5) Rehydration

It’s time to rehydrate after successfully gaining weight and resisting the urge to dive into the nearest buffet. MMA fighters usually guzzle water, sports drinks, and baby food to replenish all the water and electrolytes they’ve lost. Some fighters even use IVs to rehydrate though many organizations have barred the practice due to potential unfair advantages and health concerns. 

Rehydrating after losing water weight isn’t just about consuming liquids. Fighters also munch on potassium-rich foods like bananas and potatoes. Why, you ask? Potassium helps with muscle function and can prevent cramps during a fight. Imagine getting a Charley horse halfway through throwing a roundhouse kick!


Important Considerations When Weight-Cutting

Before considering weight cutting as a weekend experiment, it’s essential to approach it with caution. Improper weight cutting can result in dehydration, kidney damage, and severe electrolyte imbalances. It’s a serious undertaking and should only be attempted with expert guidance.

One of the primary concerns in rapid weight-cutting is severe dehydration. Fighters often use methods like saunas, sweat suits, and diuretics to shed water weight. Severe dehydration can impact nearly every system in the body, putting additional strain on the kidneys, potentially leading to kidney issues. Furthermore, dehydration thickens the blood, increasing the potential risk for heart-related complications.

Additionally, rapid weight loss can cause electrolyte imbalances. Electrolytes such as potassium, sodium, and calcium play a crucial role in bodily functions like muscle contractions and nerve function. An imbalance may result in muscle cramps, weakness, seizures, and heart arrhythmias.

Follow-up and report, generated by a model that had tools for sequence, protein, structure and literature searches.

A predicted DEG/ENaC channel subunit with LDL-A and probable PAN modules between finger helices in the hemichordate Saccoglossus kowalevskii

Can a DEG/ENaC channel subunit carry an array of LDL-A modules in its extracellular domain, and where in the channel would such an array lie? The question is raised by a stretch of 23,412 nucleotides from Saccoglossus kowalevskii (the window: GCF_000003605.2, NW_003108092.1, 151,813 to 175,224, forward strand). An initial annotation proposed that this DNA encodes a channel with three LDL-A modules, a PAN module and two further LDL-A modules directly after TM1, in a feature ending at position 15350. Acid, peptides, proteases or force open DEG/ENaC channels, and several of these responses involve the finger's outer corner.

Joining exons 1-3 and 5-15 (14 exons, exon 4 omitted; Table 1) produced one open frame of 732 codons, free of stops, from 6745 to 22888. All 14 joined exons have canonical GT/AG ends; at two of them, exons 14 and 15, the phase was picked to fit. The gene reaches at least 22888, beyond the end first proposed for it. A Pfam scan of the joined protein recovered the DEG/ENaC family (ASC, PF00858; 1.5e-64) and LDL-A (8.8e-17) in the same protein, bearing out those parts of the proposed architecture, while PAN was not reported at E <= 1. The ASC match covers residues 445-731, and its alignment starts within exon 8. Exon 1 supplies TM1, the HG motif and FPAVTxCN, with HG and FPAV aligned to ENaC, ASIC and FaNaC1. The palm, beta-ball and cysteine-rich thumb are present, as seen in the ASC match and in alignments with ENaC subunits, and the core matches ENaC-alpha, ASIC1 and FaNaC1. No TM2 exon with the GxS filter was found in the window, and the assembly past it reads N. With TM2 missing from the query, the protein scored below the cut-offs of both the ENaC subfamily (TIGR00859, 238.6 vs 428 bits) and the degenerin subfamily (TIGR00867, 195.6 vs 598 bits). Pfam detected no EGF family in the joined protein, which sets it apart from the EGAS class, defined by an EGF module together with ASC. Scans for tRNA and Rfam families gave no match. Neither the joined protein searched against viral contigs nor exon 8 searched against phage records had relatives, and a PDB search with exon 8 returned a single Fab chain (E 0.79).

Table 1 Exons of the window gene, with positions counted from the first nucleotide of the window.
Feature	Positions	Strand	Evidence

Brain health is another consideration. Dehydration reduces the fluid surrounding the brain, diminishing its protective cushioning. This increases the risk of a concussion or brain injury during a fight, especially given the existing risks of head trauma in combat sports.

Beyond these acute risks, repeated cycles of rapid weight loss and gain can have long-term effects on metabolism, cardiac health, and overall physiological well-being. Yo-yo dieting can lead to nutrient deficiencies, a weakened immune system, and potential hormonal imbalances.


The Future Of Weight Cutting In Mixed Martial Arts

Given the risks, many folks in the MMA community are discussing alternatives. Some promotions have added more weight classes or day-of-fight weigh-ins to discourage extreme cuts. Others advocate for better education and safer weight management practices. 


Weight Cutting Won’t Win You Fights

Lastly, for all you aspiring MMA fighters out there, remember that while weight-cutting might give you a temporary advantage, nothing beats skill, technique, and good old-fashioned grit inside the cage. Focus on honing your craft before you consider shedding pounds in record time. 

Despite its risks, weight cutting and hydration in MMA are as much a part of the sport as flying knees and armbar submissions. It’s a complex science and art, with athletes constantly pushing the boundaries of what’s possible (and advisable).